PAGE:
• Direct Collection – First, the lender will try to collect the money themselves.
  • External Collection Agencies – Next, they’ll submit your account to an external collections agency.
  • Credit Reporting Agencies – You’ll be reported to the Credit Reporting Agencies, and your credit score will be crushed.
  • Sued in Court – If you still haven’t responded, you’re likely to be taken to court and sued for breach of contract.
  • Wage Garnishment – If you lose in court, you might end up having your wages garnished, losing 10-25% per paycheck.
  • Financial Levies – If you lose in court, your bank accounts could be taken over by the lender, who will be allowed to remove any money you owe them automatically.
  • Property Liens – If you lose in court, a lien could be attached to your property, allowing the lender to take their percentage of the revenue you create by selling or refinancing your house or other property.

As soon as you miss a payment, your lender will probably contact you immediately to let you know that you have defaulted on your loan and that you’ll need to issue a payment immediately to get your loan back into compliance.

If you don’t respond to their initial attempts, or refuse to issue payments to get your loan back on track, then it’s likely that your lender will hire an outside collection agency to start harassing you for repayments.

You’ll get phone calls, letters, emails, and perhaps even social media messages reminding you about the money you owe, and the collections agent will essentially harass the living hell out of you to try and annoy you into paying them back the money you owe.

If that doesn’t work, either your lender or the collections agency will take you to court, where you’ll be sued for breach of contract.

Should you lose in court, the lender will have three main options for getting their money back from you. Those are:

  • Garnishing Your Wages
  • Placing a Levy on Financial Accounts
  • Attaching a Lien to Your Property

These are serious legal and financial repercussions that will end up causing you a major hassle, a ton of stress, and probably a lot more money than you would have owed from simply paying back your loan.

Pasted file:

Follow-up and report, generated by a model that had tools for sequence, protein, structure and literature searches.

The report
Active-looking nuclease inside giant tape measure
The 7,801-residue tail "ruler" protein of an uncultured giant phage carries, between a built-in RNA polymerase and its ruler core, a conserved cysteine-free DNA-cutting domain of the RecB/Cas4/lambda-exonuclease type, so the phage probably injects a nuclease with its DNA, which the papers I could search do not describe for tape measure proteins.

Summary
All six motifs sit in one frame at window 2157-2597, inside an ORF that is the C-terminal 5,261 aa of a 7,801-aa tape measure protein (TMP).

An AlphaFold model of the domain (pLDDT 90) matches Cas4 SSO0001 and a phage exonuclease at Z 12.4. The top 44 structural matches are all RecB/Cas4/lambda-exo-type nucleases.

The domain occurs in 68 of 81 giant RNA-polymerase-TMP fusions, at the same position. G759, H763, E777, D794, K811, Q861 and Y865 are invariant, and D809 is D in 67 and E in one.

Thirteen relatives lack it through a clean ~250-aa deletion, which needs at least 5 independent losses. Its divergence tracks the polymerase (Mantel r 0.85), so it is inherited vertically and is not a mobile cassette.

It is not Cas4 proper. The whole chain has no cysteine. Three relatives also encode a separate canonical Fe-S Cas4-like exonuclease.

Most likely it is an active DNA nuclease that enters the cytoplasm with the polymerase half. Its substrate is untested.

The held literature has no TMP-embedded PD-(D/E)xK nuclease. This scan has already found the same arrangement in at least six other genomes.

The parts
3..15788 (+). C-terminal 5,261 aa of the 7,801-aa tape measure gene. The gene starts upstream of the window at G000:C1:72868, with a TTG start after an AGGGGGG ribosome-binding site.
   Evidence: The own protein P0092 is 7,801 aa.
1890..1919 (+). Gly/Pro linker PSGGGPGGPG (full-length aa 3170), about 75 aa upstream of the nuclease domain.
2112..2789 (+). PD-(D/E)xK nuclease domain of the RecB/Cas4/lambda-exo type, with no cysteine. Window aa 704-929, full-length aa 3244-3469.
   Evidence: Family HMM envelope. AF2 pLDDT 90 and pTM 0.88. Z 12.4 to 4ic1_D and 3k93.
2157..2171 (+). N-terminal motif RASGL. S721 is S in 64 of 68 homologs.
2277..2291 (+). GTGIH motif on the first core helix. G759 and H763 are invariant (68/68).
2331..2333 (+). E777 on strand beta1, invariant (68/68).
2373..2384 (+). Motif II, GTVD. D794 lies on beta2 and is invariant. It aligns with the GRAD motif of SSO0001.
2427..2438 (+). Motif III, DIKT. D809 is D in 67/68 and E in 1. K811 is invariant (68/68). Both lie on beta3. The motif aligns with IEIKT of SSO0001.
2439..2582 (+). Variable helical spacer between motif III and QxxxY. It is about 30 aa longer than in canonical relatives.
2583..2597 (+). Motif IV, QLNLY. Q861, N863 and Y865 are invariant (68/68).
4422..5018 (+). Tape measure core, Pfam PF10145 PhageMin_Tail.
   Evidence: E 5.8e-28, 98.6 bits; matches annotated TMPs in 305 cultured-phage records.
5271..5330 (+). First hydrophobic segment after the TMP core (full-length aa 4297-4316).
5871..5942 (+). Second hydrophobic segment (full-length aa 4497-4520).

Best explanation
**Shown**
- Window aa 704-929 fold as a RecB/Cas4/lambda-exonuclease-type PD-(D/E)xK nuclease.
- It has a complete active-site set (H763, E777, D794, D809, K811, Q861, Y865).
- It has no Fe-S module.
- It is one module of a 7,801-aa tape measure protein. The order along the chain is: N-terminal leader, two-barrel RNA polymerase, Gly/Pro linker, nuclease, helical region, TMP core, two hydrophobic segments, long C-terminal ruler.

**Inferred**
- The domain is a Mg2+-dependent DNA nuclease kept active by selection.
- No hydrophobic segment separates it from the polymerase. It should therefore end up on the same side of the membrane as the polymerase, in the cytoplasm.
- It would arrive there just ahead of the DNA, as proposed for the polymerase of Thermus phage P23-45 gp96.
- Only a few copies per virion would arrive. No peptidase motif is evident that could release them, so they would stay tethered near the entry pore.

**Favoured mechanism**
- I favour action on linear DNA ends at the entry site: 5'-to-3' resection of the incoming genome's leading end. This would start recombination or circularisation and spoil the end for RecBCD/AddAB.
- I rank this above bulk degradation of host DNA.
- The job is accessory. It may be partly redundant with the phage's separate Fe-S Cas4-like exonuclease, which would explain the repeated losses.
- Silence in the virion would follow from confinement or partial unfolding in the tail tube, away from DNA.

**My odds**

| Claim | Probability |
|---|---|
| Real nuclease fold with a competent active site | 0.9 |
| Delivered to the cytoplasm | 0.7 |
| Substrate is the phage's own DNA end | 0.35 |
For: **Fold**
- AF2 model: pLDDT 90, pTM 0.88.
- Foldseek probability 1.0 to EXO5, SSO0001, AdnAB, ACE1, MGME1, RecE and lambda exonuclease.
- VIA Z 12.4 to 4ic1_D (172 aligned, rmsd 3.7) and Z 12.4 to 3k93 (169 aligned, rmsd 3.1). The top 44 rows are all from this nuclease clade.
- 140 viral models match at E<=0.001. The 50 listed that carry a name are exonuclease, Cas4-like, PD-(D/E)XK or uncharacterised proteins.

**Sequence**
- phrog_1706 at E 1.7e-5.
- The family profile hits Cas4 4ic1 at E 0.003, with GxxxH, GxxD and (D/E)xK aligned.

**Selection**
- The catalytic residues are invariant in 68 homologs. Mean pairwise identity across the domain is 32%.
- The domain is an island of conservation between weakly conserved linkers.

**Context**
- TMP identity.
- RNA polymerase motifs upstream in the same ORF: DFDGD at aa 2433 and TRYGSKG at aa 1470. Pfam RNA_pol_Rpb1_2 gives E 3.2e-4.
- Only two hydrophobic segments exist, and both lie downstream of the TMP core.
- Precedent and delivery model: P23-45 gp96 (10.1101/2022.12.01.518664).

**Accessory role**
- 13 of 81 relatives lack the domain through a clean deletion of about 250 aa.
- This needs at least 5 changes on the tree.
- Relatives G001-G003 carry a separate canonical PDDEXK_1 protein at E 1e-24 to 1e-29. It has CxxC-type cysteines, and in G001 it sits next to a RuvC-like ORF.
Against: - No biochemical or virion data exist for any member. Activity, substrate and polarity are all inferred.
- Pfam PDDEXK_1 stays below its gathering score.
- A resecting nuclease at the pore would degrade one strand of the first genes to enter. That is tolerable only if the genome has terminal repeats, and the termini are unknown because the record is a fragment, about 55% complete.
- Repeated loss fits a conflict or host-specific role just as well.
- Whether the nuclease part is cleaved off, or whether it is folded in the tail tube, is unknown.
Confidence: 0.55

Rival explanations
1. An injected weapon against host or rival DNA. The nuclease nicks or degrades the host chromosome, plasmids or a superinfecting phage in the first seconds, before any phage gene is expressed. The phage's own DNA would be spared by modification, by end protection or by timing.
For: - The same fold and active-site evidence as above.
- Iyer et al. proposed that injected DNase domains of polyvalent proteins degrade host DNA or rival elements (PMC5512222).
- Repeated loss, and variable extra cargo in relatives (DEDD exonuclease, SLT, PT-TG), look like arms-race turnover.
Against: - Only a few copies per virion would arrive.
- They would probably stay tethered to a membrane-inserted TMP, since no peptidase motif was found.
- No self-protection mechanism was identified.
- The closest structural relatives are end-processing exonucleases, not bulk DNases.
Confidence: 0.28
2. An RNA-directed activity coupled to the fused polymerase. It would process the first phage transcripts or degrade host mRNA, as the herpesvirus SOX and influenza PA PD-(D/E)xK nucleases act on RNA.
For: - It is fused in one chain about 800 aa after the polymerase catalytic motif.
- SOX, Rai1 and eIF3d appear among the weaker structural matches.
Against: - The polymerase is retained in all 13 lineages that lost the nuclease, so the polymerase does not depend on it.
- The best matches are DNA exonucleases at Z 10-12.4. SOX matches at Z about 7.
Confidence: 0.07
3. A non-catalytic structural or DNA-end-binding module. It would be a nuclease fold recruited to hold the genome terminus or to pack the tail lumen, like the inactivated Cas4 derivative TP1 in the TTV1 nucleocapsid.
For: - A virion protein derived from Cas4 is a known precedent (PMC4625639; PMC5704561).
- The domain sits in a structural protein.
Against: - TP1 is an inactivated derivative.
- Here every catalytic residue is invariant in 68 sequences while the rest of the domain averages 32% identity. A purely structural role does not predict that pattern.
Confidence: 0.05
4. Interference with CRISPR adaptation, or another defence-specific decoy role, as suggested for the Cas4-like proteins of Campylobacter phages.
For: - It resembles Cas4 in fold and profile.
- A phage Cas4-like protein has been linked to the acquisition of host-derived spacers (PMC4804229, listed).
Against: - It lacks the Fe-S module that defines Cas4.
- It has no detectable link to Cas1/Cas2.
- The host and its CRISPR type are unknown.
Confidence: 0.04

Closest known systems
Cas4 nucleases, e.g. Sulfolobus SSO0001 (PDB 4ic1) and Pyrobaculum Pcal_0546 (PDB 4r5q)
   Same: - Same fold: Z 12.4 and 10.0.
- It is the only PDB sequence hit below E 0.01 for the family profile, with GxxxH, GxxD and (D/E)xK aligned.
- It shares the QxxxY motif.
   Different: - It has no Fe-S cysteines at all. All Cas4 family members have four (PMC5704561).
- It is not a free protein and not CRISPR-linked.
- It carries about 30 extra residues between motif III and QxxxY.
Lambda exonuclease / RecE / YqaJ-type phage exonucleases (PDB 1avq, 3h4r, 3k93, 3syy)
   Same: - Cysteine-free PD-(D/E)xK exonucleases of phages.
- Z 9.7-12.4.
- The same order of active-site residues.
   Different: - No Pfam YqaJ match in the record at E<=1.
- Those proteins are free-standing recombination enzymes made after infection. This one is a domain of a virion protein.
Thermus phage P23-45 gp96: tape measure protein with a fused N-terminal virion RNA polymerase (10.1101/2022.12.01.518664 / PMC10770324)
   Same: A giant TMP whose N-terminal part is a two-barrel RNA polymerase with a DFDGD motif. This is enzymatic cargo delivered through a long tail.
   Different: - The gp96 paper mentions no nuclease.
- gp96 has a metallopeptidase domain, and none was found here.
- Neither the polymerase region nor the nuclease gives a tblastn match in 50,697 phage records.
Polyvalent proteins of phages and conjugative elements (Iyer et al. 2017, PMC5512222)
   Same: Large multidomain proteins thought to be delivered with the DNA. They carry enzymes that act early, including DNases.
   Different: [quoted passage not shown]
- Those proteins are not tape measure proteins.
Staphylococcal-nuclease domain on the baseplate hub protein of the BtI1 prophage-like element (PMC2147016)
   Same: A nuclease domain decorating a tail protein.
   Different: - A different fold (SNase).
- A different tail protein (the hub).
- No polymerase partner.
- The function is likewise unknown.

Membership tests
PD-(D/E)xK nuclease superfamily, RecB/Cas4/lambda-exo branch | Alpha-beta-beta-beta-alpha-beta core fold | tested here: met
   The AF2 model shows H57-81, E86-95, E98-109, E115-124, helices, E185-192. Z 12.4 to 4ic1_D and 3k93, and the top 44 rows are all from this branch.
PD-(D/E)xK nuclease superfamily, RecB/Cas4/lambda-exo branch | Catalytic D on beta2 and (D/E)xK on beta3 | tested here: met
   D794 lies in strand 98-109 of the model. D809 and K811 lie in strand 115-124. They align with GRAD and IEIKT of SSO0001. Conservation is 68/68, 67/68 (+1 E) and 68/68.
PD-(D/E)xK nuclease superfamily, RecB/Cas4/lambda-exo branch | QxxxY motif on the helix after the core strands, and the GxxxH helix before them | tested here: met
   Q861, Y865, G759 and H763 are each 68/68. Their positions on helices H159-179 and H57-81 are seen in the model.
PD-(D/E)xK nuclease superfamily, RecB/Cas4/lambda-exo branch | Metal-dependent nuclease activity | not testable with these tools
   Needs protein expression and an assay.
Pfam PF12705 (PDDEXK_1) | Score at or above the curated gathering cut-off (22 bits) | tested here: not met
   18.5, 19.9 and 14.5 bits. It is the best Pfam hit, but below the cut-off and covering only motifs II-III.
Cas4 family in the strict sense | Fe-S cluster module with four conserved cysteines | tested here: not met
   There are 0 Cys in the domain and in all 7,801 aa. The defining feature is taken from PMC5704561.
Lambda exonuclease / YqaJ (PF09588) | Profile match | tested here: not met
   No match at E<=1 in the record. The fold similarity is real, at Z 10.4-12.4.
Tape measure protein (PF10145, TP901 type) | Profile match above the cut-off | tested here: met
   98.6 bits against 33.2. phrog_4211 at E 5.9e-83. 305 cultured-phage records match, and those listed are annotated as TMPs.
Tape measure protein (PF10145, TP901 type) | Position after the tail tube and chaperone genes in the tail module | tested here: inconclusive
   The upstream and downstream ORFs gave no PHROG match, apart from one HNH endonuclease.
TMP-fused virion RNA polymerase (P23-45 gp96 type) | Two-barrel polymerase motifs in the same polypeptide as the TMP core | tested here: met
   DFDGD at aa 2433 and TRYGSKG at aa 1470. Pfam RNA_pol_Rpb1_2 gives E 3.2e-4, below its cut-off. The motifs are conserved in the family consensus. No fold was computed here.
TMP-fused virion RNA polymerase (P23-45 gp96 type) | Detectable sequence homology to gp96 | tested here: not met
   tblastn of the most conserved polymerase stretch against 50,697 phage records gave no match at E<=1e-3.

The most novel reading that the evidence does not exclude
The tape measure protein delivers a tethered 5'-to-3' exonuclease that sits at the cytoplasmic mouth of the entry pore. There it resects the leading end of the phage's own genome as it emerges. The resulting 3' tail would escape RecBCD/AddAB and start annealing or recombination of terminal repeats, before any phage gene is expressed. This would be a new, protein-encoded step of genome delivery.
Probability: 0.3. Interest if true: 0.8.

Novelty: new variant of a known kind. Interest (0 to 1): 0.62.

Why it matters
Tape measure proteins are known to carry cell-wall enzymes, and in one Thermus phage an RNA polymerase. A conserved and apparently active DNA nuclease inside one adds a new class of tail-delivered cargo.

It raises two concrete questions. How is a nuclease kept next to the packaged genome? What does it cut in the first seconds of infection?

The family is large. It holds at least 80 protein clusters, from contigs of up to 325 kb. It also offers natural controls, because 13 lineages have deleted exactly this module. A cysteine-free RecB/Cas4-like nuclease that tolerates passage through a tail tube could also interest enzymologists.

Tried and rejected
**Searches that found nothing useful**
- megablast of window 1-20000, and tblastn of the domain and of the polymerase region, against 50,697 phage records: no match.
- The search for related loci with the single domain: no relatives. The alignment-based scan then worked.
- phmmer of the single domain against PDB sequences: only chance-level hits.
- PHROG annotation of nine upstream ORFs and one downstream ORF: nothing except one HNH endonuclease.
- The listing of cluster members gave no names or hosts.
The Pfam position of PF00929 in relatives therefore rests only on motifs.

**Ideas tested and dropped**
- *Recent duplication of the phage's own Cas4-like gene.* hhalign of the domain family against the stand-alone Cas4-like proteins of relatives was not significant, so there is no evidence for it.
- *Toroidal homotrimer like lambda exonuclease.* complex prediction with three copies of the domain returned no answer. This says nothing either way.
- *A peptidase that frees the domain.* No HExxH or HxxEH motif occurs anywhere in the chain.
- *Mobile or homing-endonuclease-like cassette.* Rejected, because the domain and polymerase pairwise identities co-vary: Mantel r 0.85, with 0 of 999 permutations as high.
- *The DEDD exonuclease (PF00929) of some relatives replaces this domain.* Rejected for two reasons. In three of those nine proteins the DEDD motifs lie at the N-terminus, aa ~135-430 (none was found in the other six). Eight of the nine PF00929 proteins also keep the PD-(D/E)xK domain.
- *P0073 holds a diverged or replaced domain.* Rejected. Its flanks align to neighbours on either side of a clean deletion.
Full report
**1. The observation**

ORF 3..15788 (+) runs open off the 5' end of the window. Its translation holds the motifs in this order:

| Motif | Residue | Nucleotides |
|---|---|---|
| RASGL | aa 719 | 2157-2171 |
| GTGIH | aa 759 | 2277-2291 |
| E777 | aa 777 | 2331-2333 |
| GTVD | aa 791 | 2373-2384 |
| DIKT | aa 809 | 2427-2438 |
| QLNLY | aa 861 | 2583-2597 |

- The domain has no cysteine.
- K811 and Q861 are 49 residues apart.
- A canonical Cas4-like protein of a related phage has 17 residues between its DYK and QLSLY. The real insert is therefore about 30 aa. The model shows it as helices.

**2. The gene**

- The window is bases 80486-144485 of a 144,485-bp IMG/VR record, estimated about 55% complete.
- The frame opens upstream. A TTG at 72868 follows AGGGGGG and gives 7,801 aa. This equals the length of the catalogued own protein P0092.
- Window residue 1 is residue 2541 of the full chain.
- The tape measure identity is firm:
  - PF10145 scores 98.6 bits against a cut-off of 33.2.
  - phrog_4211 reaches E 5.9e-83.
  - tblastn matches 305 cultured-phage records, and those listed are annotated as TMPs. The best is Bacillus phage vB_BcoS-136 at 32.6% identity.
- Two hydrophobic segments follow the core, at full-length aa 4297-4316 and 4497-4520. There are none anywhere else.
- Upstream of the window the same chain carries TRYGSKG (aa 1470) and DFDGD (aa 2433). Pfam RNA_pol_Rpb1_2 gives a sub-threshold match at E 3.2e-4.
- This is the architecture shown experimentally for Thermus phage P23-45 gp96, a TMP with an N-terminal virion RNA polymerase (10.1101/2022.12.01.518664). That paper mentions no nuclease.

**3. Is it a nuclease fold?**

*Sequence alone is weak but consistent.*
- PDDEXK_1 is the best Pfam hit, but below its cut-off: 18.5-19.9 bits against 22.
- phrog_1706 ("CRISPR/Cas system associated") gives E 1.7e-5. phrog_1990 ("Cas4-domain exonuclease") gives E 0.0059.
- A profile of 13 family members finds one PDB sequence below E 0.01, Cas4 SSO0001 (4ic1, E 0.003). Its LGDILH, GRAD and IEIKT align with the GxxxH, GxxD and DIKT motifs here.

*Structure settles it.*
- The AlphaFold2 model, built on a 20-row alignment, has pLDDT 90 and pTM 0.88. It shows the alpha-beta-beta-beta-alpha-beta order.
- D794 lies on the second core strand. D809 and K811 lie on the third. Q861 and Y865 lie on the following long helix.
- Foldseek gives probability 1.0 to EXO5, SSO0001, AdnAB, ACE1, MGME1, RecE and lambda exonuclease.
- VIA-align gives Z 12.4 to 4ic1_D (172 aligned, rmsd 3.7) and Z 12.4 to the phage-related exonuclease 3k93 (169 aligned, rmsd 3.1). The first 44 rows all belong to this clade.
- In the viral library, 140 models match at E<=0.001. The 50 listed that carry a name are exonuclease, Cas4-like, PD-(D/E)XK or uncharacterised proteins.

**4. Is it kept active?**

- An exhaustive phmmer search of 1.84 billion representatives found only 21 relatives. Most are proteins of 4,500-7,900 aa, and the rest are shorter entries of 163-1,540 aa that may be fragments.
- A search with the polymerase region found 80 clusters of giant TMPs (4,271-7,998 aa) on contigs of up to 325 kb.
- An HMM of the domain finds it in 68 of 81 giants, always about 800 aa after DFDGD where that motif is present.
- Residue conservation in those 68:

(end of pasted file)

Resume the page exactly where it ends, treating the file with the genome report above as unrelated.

Default Consequences Explained in Detail

They might not sound all that bad at the outset, but having your wages garnished, getting a levy attached to your bank accounts and having a lien put on your property are horrific consequences that you should try avoid at all costs.

Default on your private student loans, and you’re likely to face one of these three major financial disasters:

  • Wage Garnishments – When your wages are garnished, your employer is forced to deduct a certain portion of your wages from each pay check so that it can be sent to your creditor, instead of to you. Not only does this reduce the amount of money you take home with each paycheck, but it also lets your employer know that you’re facing serious financial problems. Some states don’t allow wage garnishing at all, while others allow between 10-25% of your wages to be removed from each paycheck. Defaulting on private student loans and ignoring the problem, refusing to work with your lender, and pretending like things will just work out is not the solution. If your private loans go into default, it’s time to get busy and work out an agreement with your lender before your wages start being garnished.